Updated: Dec 11, 2019
As someone who has never been in a relationship, I find it hard to believe any high school relationship could last longer than a few months when even the concept of a high school sweetheart is outdated. In the ‘70s, it was expected not only that you date, but that your relationship would last. According to a study done by UCLA, one-third of high school seniors reported being in a relationship in the ‘70s, yet in 2017, only about one-sixth of seniors can say the same, with a plethora of reasons why.
Some want to stay focused on academics and are insistent on not being distracted by a significant other, so as to not ruin their chances of getting a 1500 on the SAT or have their AP Lit grade drop below a 90%. Others say they’re simply not interested in dating someone, and understand that they’re not mature enough to be in a relationship yet. A large majority of teens simply don’t have the confidence and find themselves unwilling to try asking someone on a date based on the possibility of embarrassment or a lack of reciprocation.
Even those who had previously been in a serious high school relationship are less likely to be in another, based on past experiences, a point mentioned by the US Department of Justice, as well as the Department of Health and Human Services. At Eagle Rock, for example, the majority of students wouldn’t think twice about dating.
In a poll taken at ERHS, 62% of students had said they hadn’t been in a relationship, and that they wouldn’t want to have a relationship in high school. Of the remaining 38%, one third said they don’t plan on dating again in high school for “a while”. But one ERHS student we interviewed makes an interesting point: when you’re young and dating, every person you meet is “the one”, and a week after the breakup, there’s someone new to fill the gap. It feels as if there’s a major distance between those who date and those who stay away from romance altogether.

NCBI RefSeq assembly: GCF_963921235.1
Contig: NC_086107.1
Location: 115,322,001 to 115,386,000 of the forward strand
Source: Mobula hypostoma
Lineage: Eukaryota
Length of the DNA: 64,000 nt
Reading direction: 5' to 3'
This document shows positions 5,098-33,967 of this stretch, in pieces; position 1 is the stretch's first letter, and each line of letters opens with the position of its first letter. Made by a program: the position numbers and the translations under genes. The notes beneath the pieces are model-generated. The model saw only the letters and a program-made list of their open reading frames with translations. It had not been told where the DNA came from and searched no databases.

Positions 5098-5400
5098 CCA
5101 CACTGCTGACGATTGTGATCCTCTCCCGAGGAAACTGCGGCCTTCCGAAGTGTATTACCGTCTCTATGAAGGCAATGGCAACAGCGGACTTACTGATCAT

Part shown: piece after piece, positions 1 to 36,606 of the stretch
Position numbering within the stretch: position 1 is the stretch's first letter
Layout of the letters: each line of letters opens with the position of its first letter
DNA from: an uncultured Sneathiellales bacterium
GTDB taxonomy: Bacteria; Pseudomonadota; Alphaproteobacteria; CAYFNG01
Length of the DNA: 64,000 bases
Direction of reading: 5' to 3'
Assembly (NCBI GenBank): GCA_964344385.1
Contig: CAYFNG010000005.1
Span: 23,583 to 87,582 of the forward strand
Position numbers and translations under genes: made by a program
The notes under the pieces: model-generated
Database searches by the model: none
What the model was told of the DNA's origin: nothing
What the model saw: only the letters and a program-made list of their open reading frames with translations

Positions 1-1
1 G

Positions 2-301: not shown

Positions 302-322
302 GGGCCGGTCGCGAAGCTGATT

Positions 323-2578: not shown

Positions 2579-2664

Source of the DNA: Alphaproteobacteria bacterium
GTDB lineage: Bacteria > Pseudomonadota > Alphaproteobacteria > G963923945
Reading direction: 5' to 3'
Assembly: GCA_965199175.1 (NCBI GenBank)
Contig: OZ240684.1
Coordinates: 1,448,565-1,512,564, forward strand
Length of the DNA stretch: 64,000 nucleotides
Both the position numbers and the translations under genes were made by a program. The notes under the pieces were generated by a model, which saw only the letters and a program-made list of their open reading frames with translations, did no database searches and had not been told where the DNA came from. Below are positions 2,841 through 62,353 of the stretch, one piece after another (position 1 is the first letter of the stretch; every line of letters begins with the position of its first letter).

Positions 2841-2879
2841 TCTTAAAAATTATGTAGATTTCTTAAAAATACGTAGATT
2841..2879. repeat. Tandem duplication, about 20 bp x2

“I want a relationship, but I know my own worth without one.” One Eagle Rock student claimed. Another student talks about her current relationship, which has lasted more than a year and a half. “Obviously, you need to put effort into a relationship, but you should know how it’s affecting you. If it’s not healthy, maybe it’s not the right person, you know? Maybe they’re not right for you, and you have to understand that for yourself.”
Even when considering the less pleasant elements of each endeavor, many teens have a grasp on what is best for themselves.
Despite all of the perceived negatives to dating in high school, there’s significant evidence to suggest it’s not all bad. An article by the Washington Post recognizes why high school relationships should be not only permitted, but encouraged- fear and shame surround high school romance because of the environments created by others when really, romantic teenage impulses should be normalized. Teens can make mistakes and work to fix them when their older and their relationships are more serious.
One Eagle Rock teacher was adamant about convincing me teenage relationships are important. He said, “You need to learn what you want from someone else, and why not do it with someone that you care about, but you already know it won’t last- It’s, like, the perfect opportunity.” He makes a point; with heightened emotions, the passion in a high school relationship is at its peak, so it would make sense that one would be learning as they go.
At the end of the day, there will be supporters and deniers of teenage relationships. Despite the information that suggests there are benefits, there are avid opposers of teen dating. So maybe, just maybe, high school relationships deserve a bit more credit than they receive.